What are your thoughts on the recent FDA approval of selinexor?

When we talk about selinexor, the most important thing to recognize is who the patients are that led to the FDA approval. These patients were [refractory to] PIs, IMiD drugs, and a CD38-targeted monoclonal antibody. Historically, there has been no FDA-approved therapy for this [patient population] and the eligibility criteria were very permissive. The response rate was about 26%, with a [median] PFS of 3.5 months. While those numbers might be modest, it's important to remember that every drug that has been approved in myeloma—including pomalidomide(Pomalyst), carfilzomib (Kyprolis), and daratumumab—all had similar profiles of a response rate around 20% and a median PFS of 3 to 3.5 months when used as a single agent. Now, it's getting harder to hit those benchmarks.

We've exhausted all the prior drugs. The fact that we saw this response is really great for patients. Additionally, at Mount Sinai Hospital, the adverse events due to toxicities was quite manageable. We've been very aggressive with supportive care. Our efficacy results [with selinexor] are better than the overall [study] population and we're working on a manuscript where our ORR was over 50%, and the median PFS was over 5 months. It is the importance of supportive care in this population.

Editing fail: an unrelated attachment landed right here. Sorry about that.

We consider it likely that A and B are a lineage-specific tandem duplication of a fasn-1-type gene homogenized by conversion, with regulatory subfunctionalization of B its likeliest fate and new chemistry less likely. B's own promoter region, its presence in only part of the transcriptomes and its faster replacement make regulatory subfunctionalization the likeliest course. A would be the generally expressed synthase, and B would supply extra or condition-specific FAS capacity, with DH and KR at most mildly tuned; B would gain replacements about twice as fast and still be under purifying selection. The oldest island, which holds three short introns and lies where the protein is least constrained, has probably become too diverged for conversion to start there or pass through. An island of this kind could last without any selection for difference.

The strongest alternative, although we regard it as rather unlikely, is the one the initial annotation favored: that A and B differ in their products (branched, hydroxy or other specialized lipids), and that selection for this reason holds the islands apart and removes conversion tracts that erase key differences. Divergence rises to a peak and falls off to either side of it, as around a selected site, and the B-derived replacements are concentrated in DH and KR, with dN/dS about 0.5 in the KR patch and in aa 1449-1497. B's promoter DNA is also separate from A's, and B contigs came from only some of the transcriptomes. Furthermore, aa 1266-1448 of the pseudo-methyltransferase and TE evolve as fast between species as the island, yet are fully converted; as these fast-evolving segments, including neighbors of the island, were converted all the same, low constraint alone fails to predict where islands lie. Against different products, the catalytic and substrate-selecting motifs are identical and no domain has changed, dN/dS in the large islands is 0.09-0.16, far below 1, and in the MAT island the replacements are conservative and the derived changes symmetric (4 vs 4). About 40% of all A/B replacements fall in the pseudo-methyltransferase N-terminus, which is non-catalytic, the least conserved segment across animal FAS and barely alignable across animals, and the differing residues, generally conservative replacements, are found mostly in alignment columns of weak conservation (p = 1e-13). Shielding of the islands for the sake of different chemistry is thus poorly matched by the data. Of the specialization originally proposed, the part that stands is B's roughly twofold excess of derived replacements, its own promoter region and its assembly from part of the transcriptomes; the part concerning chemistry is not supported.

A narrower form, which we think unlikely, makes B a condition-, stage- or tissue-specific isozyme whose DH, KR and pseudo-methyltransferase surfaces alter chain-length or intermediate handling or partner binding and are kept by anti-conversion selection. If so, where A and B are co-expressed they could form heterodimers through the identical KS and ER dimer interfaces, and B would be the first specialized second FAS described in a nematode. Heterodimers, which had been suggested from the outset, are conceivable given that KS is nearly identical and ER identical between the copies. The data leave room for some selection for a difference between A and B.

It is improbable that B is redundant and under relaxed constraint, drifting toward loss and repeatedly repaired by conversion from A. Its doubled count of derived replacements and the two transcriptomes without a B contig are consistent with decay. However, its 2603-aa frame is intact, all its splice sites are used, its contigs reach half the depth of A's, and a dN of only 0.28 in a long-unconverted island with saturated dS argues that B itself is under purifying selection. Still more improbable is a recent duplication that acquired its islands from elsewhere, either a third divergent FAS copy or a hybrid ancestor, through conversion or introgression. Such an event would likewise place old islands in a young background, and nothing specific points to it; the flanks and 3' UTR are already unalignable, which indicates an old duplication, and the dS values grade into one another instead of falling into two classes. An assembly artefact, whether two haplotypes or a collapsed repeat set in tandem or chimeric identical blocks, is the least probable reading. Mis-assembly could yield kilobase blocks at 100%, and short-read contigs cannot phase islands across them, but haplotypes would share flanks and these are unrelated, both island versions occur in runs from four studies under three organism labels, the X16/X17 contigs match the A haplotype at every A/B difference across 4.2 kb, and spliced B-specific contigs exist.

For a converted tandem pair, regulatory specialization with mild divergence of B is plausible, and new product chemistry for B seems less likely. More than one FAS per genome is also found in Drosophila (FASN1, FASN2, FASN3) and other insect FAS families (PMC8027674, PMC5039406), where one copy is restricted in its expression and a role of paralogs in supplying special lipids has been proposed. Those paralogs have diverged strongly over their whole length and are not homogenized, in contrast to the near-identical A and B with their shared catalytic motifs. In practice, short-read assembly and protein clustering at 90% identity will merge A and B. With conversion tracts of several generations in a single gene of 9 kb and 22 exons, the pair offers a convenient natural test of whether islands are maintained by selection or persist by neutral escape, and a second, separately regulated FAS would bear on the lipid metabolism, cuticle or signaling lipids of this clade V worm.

Selinexor is approved at 80 mg twice weekly, but this is an accelerated approval; accelerated approvals and initial approvals aren't necessarily how the drug is going to be used. Often, we use drugs in combination in the relapsed/refractory setting because no single drug by itself is enough. Therefore, while accelerated approval is an important first step, the combination studies of selinexor with other agents is going to be how people will use this drug in the future.